Stuck on ballot, Liberal candidate revives campaign

A Liberal who only two days ago resigned his candidacy in a central Newfoundland election made an about-face Monday, and predicted his election.

A Liberal who only two days ago resigned his candidacy in a central Newfoundland election made an about-face Monday, saying he was not only still running but expecting to be elected.

"I'm still the candidate in Grand Falls-Windsor-Buchans," John Woodrow told CBC News on Monday afternoon, after Elections Newfoundland and Labrador revealed Woodrow's name will appear on ballots in Tuesday's vote.

"I'm going to run, and I'm going to win."

Woodrow announced his resignation to party workers and the media on Saturday, after being infuriated by published comments by Liberal president Danny Dumaresque.

However, Woodrow did not communicate his resignation toElections Newfoundland and Labrador, and ballots have already been published with his name on them.

"He has to come in and sign a form 48 hours before the election," said Georgina Barnes, the returning officer for Elections Newfoundland and Labrador in the district.

The other candidates are Progressive Conservative Susan Sullivan and New Democrat Junior Downey.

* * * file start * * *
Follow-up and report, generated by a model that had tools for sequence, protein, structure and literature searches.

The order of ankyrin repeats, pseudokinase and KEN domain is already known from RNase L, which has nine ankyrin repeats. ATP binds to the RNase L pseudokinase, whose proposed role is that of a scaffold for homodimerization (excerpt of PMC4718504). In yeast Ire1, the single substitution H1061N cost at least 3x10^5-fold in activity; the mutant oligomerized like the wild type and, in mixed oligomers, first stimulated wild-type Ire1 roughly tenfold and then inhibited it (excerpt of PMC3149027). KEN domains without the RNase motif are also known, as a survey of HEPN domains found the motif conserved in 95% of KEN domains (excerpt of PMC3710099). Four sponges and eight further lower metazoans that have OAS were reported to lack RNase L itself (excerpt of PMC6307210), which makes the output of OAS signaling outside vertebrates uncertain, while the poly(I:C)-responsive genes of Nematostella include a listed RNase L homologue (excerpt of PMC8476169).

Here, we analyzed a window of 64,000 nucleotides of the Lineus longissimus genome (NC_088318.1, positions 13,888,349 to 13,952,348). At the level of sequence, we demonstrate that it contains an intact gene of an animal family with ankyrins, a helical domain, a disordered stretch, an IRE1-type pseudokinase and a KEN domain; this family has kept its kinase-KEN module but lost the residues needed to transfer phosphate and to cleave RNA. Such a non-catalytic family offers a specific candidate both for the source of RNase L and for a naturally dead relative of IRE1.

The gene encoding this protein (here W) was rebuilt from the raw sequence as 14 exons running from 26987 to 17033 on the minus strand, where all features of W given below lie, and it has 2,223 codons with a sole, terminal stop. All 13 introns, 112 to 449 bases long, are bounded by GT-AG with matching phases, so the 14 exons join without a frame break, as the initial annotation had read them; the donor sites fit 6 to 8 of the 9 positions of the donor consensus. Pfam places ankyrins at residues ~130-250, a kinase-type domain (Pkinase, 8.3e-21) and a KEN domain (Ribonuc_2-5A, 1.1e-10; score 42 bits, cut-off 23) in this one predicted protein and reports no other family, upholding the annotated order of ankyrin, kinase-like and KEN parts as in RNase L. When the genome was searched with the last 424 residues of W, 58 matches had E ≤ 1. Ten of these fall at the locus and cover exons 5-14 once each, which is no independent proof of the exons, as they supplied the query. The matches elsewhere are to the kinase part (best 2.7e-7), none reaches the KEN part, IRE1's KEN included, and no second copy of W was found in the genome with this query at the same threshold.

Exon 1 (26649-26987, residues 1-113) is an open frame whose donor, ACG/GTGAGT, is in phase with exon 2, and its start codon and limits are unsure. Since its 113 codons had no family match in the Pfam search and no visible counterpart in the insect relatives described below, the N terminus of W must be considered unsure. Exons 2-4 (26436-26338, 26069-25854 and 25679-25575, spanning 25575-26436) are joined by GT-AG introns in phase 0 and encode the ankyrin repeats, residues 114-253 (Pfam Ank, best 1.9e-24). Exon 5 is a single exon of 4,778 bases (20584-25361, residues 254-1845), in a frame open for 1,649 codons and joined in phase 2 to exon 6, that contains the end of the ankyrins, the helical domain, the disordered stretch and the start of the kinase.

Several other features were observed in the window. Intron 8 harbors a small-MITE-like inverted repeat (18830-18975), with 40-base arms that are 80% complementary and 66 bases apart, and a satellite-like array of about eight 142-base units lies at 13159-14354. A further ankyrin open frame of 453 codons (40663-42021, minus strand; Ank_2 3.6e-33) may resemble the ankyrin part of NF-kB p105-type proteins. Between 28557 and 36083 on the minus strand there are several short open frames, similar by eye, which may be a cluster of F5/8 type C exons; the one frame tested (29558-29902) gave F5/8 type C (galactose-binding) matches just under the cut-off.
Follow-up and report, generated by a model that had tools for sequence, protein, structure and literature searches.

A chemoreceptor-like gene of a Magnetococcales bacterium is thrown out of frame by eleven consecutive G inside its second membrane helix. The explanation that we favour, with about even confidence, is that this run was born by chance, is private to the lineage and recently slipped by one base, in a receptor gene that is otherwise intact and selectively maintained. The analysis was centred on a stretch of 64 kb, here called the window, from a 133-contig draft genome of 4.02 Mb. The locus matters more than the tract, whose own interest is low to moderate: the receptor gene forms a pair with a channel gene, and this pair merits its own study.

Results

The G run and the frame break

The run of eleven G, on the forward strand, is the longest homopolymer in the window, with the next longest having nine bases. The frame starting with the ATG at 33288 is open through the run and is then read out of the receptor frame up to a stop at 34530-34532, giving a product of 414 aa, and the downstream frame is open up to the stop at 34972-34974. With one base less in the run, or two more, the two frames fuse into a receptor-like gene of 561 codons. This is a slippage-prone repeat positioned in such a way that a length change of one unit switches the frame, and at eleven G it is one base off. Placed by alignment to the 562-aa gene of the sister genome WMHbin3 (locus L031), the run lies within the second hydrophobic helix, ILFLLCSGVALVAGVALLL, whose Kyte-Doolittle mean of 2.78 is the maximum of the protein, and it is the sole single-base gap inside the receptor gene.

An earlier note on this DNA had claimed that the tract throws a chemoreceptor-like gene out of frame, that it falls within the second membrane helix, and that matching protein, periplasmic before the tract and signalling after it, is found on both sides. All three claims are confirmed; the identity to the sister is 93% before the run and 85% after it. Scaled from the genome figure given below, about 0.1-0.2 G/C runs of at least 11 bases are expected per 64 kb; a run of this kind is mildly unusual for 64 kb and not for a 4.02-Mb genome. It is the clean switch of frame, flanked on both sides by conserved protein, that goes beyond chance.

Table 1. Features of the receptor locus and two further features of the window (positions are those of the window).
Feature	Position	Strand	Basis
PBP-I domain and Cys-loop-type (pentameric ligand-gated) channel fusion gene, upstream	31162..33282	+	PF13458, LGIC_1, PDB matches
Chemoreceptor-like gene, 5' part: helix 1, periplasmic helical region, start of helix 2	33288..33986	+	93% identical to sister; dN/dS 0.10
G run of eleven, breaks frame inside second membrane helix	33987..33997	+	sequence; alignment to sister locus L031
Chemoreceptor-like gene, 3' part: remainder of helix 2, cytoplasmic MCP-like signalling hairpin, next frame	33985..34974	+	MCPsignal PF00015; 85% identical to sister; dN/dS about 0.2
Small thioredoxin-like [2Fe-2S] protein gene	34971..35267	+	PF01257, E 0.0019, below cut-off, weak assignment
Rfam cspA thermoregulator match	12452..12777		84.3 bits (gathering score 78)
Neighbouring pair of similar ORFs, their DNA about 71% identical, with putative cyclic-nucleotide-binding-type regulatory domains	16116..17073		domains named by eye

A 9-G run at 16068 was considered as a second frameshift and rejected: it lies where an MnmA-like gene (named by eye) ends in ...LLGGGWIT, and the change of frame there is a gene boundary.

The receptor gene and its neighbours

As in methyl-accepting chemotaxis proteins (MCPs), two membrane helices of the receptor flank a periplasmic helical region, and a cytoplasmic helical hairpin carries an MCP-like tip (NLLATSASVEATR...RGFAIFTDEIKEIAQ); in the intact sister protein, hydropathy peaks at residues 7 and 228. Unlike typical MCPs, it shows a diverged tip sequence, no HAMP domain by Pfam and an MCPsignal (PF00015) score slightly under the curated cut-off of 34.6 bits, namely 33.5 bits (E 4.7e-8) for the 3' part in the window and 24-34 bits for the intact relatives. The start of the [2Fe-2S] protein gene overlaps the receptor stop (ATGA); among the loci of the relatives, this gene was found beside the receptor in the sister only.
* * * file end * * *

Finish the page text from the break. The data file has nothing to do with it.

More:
President's words stung candidate

Woodrow said he quitafter reading comments by Liberal party president Danny Dumaresque'sin the St. John's weekly newspaper the Independent. Dumaresque told the paper that the district was not a "must-win" for the Liberals — the party won just three seats in the Oct. 9 election.

Woodrow, who had saidhe "had no option" but to resign,indicated he had been disappointed before by Liberal head office.

"In the past, there was no support from Mr. Dumaresque and no support from the Liberal caucus," Woodrow told CBC News on Monday morning. "We were under the impression that would take place."

Chief electoral officer Paul Reynolds said Monday that Woodrow was required to follow protocol, and that even a well-publicized resignation must be accompanied by specific directions to his office.

"We know that he has publicly stated that he does not wish to represent the Liberal Party," Reynolds said before Woodrow changed his mind.

"Having said that, any votes cast for Mr. Woodrow in the election on Nov. 6 will be counted in his favour."

Polling stations to alert voters

He said the elections office would post signs at polling stations notifying voters that they can stillcast a ballotfor Woodrow.

If Woodrow wins the race and doesn't want the seat, Reynolds said, a byelection would have to be called.

The vote in Grand Falls-Windsor-Buchans was cancelled during the campaign leading to the general election when Liberal candidate Gerry Tobin died of a heart attack. The electoral office rescheduled it for Tuesday.

Woodrow's candidacy was controversial from the moment the Liberal party announced it.

Dumaresque said he had not been aware Woodrow had once accused former Liberal cabinet minister Beaton Tulk of accepting bribes. An RCMP investigation cleared Tulk, who was reinstated in cabinet, and Woodrow recanted his story.

Liberal Leader Gerry Reid has refused to comment publicly on Woodrow's nomination.